Sunday, June 17, 2012

The 3rd Sunday in June

Holidays are weird.

Last Halloween I was on the road (I may actually have recently arrived) to my parents' place in South Carolina. I'd received word that Dad was comatose. He'd aspirated when hospital staff had tried to remove a breathing tube. Dad in the hospital was, strangely, nothing new, but this time was different. This time Mom simply said, "I think you need to come home."

That was all it took. I drove up to my brother's apartment and we made the 10 1/2 hour drive south that night. I saw the sun start to rise just as we made it to the hospital.

My sisters and I split Thanksgiving duties a few weeks later. By that time Dad was conscious, though not completely lucid, and his lungs were failing. He'd developed pneumonia (in the hospital, ironically enough). Several cousins and my Uncle (Dad's last surviving sibling) had made it into town by then. I remember I'd watch my Uncle - Dad's older brother by a decade - and marvel at how healthy he seemed comparatively. Uncle could walk on his own. He remembered conversations we'd had in the past. Hell, he even went to Arby's on occasion (culinary options around hospitals in Seneca, SC are a bit limited).

Dad had been struggling for a while now. I'd call on Valentine's Day, Father's Day, his birthday. He'd usually ask the same string of questions: How's Tony? Is he at work? How's your research going? (At which point I'd have to remind him that my research had wrapped up some time ago.) Every year I'd call on Dad and Mom's anniversary, which happens to be the same day as my birthday, knowing that Dad would always end the call with the same phrase: "You're by far my favorite anniversary present."

I said goodbye to Dad a few times while I was home and told him I loved him every time I left the hospital to head to the house for food, sleep or a shower. Dad's speech was impaired (the tube down his throat had caused minor damage by pressing down on his vocal chords), but he always said "I love you, too" each time.

When we first took out his breathing tube (a decision that took weeks to make as we weren't sure he'd survive without it), I had the chance to speak with him privately. I took his hand- one that always seemed so big to me when I was a kid but was now shrunken and swollen from lying in bed for weeks- and told him I'd always be his little girl. I remember stroking his fingernails. My sisters and I had filed them earlier because we'd hated how broken they had looked. (Dad was the epitome of a sharp-dressed man.)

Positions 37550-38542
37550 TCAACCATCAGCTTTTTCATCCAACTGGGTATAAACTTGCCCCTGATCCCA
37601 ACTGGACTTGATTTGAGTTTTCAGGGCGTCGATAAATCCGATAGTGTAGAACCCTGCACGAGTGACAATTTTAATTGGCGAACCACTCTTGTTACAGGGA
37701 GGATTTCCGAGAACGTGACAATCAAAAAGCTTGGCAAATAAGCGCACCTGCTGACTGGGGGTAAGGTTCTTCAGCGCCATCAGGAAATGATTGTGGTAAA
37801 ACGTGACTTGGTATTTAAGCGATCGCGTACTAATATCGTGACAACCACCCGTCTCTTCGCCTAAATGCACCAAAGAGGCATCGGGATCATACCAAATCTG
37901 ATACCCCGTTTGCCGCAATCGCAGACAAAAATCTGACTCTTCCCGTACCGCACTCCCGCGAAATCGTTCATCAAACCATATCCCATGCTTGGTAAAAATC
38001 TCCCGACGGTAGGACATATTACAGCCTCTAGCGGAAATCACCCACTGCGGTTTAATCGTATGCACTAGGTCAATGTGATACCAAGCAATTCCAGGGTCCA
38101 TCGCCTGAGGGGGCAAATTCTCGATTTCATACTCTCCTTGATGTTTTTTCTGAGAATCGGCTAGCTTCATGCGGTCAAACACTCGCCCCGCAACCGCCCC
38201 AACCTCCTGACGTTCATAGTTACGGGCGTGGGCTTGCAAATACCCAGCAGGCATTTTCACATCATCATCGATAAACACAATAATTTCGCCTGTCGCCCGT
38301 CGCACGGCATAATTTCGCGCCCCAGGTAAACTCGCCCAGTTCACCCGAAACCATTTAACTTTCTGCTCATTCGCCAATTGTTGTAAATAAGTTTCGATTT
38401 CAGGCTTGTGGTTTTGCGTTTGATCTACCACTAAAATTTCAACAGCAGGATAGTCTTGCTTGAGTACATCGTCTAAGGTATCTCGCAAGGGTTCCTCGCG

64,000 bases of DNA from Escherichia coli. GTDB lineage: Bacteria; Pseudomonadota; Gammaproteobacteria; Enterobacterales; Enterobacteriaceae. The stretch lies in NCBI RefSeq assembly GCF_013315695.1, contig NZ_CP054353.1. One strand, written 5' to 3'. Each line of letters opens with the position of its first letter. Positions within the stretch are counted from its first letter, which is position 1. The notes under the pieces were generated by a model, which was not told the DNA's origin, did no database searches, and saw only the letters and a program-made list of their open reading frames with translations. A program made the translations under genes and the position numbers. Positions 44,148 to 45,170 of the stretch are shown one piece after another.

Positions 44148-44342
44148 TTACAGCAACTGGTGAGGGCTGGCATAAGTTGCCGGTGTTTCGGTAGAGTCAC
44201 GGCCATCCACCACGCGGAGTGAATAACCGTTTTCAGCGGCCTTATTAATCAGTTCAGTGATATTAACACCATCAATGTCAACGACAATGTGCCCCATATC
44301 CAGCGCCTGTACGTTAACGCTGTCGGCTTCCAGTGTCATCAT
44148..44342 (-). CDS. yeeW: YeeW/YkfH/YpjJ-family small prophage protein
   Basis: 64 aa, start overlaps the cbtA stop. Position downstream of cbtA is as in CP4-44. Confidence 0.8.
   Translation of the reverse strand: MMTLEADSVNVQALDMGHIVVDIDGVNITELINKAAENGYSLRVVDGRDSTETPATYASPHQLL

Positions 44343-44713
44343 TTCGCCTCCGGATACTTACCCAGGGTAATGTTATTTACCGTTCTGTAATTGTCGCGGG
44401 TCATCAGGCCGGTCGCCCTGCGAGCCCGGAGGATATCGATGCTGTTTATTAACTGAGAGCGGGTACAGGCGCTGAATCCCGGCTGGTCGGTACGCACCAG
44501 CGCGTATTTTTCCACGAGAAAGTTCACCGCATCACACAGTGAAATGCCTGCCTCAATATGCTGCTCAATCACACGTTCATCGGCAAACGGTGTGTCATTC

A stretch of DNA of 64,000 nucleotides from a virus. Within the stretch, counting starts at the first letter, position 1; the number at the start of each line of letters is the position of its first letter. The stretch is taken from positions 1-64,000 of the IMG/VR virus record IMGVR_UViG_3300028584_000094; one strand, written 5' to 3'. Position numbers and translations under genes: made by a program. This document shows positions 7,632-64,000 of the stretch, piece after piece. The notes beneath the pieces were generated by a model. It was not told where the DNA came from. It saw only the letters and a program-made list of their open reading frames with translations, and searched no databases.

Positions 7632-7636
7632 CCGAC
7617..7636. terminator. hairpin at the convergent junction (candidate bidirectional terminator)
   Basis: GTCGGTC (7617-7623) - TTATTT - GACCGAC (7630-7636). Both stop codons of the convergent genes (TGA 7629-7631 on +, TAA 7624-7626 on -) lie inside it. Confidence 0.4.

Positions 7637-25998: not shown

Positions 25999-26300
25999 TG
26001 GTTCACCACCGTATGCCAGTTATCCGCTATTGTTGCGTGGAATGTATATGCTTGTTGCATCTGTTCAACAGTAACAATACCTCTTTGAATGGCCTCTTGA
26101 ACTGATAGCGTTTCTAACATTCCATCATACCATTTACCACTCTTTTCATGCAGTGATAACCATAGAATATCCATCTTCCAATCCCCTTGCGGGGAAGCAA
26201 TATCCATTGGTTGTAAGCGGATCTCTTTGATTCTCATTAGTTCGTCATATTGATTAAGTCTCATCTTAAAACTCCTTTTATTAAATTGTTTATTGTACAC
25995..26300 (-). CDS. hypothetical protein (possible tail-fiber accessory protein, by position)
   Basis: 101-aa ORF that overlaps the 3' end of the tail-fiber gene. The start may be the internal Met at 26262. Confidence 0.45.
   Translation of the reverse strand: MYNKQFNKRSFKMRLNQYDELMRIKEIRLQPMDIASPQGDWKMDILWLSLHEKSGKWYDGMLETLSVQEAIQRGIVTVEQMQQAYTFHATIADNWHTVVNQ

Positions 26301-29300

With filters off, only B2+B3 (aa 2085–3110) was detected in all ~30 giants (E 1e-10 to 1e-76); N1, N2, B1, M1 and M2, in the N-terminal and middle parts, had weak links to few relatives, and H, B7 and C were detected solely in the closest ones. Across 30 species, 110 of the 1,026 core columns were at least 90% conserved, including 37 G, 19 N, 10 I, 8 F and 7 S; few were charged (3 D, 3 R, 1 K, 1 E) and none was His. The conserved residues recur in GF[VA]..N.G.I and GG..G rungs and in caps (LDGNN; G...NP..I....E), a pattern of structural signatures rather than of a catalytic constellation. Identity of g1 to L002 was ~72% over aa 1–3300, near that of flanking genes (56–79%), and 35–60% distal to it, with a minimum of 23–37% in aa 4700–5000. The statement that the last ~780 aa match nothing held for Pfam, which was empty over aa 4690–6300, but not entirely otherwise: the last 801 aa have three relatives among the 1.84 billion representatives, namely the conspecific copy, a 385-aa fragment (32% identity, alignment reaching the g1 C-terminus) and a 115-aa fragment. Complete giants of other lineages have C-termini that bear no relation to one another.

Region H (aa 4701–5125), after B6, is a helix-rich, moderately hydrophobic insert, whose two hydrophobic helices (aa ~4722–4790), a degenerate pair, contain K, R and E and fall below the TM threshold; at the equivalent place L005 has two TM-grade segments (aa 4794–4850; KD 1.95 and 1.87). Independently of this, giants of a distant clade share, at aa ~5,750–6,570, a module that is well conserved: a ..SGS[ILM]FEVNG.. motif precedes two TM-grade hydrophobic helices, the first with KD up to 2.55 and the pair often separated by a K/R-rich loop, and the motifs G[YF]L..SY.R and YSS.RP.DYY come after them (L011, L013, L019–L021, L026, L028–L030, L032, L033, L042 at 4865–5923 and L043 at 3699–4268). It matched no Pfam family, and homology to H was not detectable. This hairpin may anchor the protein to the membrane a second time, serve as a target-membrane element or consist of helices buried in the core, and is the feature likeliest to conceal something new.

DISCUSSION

The day after Thanksgiving my sisters humored me by going to Kohl's at midnight for Black Friday shopping. Sometimes you just need a little normality, as it were.

Later that day, after speaking with multiple doctors, Mom made the decision to move Dad into hospice. I still can't imagine how hard that decision was for her. She and Dad had been married for over 40 years - she shared a longer life with him than any of us.

Hospice was weird. It's this place that seems like a home but comes with hospital beds and care provision. It's a combination of relief and resignation. When someone says, "We need to make the best of a bad situation," hospice is what immediately comes to my mind.

Still, I lack the diction to describe my gratitude for the hospice in Seneca. Where we could barely fit our immediate family into Dad's room at the hospital (in fact, hospital regulations said that we weren't allowed to all be there at once - a family of 6 is too large, it seems), there was room to spare in his hospice space. Where doctors at the hospital seemed unwilling to  provide us with complete objective information (and had failed to read Dad's entire medical file and living will), the staff at hospice were forthcoming, held no punches, yet supportive and empathetic.

This came in handy when Dad passed away quietly two days later. (Not so much when one of the hospice nurses asked when I was due, which stung a bit as I've yet to be pregnant.) We had a memorial mass a few days later, and a formal military service when Dad was interred at Arlington National Cemetery in March.

Today it's Father's Day. I have no phone call to place, no preset script of questions to answer.  Instead, my brother and I are going to make another drive, and visit Dad at Arlington. I'll come home and spend some time with BHE and his father (and mother) instead.

And, yeah, it kind of sucks. But then I'll see little things that remind me of Dad at random moments: the Navy officers and cadets in uniform walking around the city (Dad was a retired Captain and pilot), the handkerchiefs I kept and use whenever I'm caught without a tissue (Dad used to pull one out like some kind of magic trick whenever I needed one as a kid), pulling on a pair of socks as the first line of defense against an oncoming virus (Dad asked me if I was wearing socks each time I mentioned I was sick during our phone calls. Every. Time.). I'll see these things and it will sting a little, but then I re
member how lucky I was to have my Dad in my life, and what an amazing human being he was.
And then I smile.